Wednesday, December 05, 2012

Mexico High Court Strikes Down Gay Marriage Ban

Exciting news from south of the border today! Apparently the Mexican Supreme Court has issued a unanimous ruling striking down a same-sex marriage ban from the state of Oaxaca in such a way that it is very likely that marriage equality will become a universal right in the country in the very near future.

Latin-American marriage blogger J. Lester Feder reports:
The court ruled on behalf of three same-sex couple seeking to marry in the southern state of Oaxaca. The court had already ruled in 2010 that gay marriages performed under a Mexico City ordinance had to be recognized nationwide. With this precedent, the remaining bans on gay marriage in most Mexican states could quickly fall.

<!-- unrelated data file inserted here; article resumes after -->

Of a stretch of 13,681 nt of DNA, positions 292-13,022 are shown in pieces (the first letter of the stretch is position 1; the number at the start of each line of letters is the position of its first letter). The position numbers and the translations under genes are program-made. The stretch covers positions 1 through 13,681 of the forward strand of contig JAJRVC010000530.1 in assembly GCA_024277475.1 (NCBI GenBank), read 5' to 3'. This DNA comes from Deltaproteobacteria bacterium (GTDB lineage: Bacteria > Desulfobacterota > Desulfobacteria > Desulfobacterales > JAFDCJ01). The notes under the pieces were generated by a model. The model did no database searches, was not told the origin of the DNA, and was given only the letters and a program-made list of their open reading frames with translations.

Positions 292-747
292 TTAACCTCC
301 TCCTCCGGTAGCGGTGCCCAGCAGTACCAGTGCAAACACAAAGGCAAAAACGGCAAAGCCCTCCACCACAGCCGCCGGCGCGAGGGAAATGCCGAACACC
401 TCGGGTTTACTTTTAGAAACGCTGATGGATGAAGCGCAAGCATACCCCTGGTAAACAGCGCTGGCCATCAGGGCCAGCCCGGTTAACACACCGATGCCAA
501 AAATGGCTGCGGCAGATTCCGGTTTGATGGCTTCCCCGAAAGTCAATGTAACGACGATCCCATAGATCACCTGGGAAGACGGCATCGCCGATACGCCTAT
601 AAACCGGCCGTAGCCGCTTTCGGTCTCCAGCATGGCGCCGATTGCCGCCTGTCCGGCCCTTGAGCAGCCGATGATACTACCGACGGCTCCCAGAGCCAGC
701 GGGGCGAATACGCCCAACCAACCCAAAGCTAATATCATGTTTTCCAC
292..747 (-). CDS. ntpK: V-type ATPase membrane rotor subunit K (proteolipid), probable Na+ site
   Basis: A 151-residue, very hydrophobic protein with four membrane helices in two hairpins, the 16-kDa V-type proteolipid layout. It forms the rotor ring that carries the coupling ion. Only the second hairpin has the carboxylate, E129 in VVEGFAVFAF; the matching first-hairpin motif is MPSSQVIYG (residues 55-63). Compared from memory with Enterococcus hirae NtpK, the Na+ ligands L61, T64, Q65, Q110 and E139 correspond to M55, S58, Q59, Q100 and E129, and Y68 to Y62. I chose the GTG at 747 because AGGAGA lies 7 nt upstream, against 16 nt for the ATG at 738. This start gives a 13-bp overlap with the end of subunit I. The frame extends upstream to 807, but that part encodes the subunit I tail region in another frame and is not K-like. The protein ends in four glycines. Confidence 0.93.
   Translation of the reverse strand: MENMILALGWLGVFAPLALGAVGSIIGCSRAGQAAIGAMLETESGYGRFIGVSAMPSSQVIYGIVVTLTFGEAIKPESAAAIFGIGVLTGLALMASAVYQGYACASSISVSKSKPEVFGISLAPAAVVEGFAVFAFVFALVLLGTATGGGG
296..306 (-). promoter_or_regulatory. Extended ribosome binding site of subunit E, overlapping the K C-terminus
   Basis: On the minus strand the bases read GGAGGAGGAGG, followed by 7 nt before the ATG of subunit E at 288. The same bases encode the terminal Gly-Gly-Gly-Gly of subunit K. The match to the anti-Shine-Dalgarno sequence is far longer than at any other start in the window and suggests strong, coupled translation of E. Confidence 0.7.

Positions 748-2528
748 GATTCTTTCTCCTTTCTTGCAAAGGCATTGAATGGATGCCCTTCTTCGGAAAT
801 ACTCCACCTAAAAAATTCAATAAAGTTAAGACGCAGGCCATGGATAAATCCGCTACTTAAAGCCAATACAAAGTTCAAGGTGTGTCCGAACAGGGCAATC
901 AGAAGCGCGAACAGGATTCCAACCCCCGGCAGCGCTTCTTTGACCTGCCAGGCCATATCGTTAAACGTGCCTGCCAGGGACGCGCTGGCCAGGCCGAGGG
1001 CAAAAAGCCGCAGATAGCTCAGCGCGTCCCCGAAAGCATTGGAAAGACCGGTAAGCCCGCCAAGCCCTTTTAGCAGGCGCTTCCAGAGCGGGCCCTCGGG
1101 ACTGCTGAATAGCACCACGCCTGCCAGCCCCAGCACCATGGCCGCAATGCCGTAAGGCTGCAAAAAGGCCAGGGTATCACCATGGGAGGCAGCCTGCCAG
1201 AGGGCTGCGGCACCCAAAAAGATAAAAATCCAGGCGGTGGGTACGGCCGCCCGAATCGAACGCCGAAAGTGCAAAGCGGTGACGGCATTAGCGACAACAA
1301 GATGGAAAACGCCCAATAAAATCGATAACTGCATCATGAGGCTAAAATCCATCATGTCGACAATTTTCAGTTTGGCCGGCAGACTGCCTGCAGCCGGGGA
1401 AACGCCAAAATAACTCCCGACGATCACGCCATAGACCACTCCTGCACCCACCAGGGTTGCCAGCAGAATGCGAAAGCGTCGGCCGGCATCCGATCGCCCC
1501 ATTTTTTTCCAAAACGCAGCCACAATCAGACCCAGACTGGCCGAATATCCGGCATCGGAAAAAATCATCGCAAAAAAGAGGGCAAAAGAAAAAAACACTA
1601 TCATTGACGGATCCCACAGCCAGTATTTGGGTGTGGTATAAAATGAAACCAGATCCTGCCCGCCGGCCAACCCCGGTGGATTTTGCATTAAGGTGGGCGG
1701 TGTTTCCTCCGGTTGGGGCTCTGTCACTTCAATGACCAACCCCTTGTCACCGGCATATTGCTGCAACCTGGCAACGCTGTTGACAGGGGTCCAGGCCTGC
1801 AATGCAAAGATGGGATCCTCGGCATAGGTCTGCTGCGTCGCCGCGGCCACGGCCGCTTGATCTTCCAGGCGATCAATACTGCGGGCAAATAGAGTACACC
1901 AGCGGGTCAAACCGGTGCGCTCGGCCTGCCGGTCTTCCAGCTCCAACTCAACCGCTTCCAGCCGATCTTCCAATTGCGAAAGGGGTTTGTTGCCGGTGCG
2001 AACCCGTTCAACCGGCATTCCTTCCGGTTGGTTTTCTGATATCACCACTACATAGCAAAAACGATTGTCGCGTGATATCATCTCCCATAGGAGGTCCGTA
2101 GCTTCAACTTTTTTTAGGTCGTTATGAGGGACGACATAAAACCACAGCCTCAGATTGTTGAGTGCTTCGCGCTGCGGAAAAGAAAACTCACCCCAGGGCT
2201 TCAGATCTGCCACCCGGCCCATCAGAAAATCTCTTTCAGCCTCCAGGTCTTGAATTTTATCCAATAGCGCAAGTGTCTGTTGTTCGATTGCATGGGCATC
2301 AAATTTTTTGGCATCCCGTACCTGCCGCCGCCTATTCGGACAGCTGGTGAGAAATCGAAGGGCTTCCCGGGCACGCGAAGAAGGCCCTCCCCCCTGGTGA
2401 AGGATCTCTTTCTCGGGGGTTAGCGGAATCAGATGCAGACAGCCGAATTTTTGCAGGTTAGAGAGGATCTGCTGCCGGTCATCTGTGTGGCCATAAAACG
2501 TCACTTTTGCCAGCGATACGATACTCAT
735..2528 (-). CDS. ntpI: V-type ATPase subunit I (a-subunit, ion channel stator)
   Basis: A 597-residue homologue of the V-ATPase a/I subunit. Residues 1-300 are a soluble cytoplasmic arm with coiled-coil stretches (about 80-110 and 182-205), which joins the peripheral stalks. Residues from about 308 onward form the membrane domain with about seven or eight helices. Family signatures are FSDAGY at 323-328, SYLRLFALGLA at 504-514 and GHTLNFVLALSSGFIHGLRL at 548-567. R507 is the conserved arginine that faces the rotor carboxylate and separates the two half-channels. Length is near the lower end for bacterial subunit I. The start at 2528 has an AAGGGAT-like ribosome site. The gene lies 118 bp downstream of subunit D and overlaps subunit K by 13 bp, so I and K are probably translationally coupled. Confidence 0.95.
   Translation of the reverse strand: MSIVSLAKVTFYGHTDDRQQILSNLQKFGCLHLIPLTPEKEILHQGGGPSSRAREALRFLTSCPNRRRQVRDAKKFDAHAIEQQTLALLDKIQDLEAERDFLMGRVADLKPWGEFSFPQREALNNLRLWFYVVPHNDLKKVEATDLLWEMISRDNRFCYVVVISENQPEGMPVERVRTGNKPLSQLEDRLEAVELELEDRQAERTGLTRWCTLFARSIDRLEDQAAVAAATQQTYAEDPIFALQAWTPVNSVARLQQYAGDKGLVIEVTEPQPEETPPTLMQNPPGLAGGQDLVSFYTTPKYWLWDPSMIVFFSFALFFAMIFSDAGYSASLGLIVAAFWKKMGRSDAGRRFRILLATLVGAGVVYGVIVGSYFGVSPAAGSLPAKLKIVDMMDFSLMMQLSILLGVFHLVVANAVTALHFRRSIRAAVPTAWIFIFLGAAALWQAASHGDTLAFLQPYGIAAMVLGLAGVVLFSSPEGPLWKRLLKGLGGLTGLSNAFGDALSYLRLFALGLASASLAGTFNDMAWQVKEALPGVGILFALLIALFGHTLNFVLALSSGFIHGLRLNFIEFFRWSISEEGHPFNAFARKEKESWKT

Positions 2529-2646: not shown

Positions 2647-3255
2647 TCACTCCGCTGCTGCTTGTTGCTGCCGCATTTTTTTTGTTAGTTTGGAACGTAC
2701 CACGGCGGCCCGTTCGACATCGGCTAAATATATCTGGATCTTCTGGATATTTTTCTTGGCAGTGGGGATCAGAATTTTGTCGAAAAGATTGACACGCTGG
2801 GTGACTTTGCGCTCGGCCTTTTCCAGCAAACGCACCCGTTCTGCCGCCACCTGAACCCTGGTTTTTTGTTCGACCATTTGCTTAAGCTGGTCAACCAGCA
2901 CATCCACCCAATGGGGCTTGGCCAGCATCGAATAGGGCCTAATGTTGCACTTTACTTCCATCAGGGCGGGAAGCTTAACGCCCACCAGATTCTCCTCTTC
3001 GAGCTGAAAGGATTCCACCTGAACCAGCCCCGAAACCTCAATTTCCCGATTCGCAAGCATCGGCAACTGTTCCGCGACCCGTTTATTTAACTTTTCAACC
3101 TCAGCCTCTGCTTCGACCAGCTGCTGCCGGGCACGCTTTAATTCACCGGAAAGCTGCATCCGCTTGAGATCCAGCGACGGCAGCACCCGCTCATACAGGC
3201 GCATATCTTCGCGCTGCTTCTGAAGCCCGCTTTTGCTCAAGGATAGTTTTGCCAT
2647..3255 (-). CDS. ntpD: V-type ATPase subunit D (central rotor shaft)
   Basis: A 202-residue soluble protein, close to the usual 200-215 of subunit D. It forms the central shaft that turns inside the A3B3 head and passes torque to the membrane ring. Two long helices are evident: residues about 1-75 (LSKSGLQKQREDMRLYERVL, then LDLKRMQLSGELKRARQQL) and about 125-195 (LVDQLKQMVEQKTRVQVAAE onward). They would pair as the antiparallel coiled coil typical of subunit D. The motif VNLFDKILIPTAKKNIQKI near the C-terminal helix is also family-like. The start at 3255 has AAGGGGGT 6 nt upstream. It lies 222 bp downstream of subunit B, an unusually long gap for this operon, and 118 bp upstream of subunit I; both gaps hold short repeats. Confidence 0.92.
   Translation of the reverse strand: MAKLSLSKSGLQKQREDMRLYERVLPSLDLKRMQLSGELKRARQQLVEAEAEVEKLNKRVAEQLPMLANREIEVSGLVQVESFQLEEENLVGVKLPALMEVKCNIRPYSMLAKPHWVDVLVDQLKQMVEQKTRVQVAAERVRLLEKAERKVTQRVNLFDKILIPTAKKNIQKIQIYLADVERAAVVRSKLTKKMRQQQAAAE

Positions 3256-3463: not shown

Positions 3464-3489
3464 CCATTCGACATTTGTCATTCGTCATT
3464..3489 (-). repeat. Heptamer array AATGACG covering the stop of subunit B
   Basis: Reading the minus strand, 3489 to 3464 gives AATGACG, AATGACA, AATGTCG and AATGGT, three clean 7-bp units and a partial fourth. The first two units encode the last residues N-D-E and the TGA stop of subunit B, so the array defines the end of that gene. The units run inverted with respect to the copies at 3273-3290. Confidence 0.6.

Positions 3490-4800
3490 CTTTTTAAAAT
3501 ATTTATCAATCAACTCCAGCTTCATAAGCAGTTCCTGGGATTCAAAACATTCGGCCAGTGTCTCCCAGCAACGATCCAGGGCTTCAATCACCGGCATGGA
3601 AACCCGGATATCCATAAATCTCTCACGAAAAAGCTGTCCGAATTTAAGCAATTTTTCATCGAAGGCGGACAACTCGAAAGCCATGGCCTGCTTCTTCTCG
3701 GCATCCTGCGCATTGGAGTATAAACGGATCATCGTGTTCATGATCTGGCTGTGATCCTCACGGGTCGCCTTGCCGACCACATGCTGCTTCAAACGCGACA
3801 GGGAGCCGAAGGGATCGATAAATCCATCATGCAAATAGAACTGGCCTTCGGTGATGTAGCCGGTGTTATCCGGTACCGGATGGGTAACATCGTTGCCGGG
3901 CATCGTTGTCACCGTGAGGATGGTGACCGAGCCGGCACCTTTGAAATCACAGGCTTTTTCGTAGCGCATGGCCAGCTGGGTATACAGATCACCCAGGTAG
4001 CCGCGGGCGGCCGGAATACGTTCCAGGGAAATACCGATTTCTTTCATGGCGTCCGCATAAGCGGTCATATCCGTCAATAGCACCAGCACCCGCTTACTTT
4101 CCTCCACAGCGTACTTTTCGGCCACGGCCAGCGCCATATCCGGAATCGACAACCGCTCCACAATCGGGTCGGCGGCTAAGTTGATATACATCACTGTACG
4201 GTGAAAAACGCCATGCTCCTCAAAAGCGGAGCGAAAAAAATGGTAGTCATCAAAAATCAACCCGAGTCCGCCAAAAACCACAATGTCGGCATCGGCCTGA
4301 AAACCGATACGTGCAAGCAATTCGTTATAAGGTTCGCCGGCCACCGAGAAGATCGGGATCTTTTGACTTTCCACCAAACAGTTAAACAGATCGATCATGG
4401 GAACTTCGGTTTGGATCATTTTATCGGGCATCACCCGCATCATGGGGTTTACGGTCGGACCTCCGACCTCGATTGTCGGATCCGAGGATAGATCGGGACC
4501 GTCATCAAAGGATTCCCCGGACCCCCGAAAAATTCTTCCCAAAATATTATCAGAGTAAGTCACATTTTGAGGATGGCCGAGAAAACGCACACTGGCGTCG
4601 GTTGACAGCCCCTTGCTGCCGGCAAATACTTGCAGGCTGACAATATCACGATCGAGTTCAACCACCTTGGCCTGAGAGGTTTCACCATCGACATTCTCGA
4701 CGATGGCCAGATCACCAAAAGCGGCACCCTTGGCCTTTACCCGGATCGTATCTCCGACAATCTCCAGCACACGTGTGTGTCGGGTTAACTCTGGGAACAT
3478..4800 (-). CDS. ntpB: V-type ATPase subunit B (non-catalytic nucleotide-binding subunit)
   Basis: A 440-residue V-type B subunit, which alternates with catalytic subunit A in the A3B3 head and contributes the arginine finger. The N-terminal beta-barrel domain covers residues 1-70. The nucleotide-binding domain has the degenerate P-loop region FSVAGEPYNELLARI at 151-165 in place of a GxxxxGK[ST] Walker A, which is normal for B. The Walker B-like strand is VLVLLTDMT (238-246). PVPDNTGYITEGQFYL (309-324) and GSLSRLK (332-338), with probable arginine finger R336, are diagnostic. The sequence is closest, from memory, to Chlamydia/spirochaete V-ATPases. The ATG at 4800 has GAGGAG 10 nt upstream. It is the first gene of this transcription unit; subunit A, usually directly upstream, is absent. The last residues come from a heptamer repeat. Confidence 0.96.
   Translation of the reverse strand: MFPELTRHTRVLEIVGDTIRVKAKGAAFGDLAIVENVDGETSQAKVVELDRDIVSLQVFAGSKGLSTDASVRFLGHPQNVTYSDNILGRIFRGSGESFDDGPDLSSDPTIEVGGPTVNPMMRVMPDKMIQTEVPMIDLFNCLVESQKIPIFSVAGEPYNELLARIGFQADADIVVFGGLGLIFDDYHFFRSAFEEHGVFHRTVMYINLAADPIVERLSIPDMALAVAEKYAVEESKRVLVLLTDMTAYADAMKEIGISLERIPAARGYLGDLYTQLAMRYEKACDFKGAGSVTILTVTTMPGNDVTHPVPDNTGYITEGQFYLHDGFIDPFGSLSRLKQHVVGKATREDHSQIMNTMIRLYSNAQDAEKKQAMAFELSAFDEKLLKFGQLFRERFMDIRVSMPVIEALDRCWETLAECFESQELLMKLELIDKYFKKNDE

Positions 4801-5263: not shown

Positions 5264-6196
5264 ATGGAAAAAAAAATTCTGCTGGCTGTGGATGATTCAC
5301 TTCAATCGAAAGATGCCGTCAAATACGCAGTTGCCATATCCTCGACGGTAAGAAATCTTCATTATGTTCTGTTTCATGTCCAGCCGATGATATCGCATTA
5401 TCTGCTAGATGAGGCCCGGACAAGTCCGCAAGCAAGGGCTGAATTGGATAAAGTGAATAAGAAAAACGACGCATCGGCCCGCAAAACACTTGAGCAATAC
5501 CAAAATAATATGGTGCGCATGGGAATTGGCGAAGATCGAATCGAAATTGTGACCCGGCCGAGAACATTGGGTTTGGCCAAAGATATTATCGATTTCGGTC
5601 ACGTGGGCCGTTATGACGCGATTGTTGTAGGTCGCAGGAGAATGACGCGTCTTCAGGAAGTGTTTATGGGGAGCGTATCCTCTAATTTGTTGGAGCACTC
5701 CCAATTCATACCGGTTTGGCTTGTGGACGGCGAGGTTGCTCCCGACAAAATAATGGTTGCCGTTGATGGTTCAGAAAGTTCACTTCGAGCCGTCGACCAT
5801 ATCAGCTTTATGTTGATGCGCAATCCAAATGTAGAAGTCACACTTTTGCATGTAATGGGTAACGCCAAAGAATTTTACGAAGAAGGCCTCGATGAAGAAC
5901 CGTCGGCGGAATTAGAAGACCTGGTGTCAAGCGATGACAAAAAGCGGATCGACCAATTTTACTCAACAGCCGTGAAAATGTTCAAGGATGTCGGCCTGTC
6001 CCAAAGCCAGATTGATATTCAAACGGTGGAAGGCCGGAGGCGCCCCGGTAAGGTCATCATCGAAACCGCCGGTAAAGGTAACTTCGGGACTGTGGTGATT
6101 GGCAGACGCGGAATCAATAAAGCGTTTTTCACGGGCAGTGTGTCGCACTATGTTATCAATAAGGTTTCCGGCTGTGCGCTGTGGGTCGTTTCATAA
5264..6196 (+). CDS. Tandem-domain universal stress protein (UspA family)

The court’s ruling that the ban on same-sex marriage is unconstitutionally discriminatory is partly based on a February ruling from the Inter-American Court of Human Rights that governments can’t discriminate on the basis of sexual orientation, Karen Atala Riffo y Niñas v. Chile.
This case could have repercussions outside of Mexico—by expanding this precedent to include the right to marry, courts in other Latin American countries that recognize the Inter-American Accord on Human Rights could follow this precedent and determine that marriage rights are also protected in their countries. And the Inter-American Court itself could be more likely to recognize a right to marry—a case brought by three couples trying to strike down Chile’s ban on gay marriage has already begun making its way through the international judicial system.
An even more amazing part of this story is that the original case was brought by Alex Alí Méndez Díaz, a law student. His story is profiled here.

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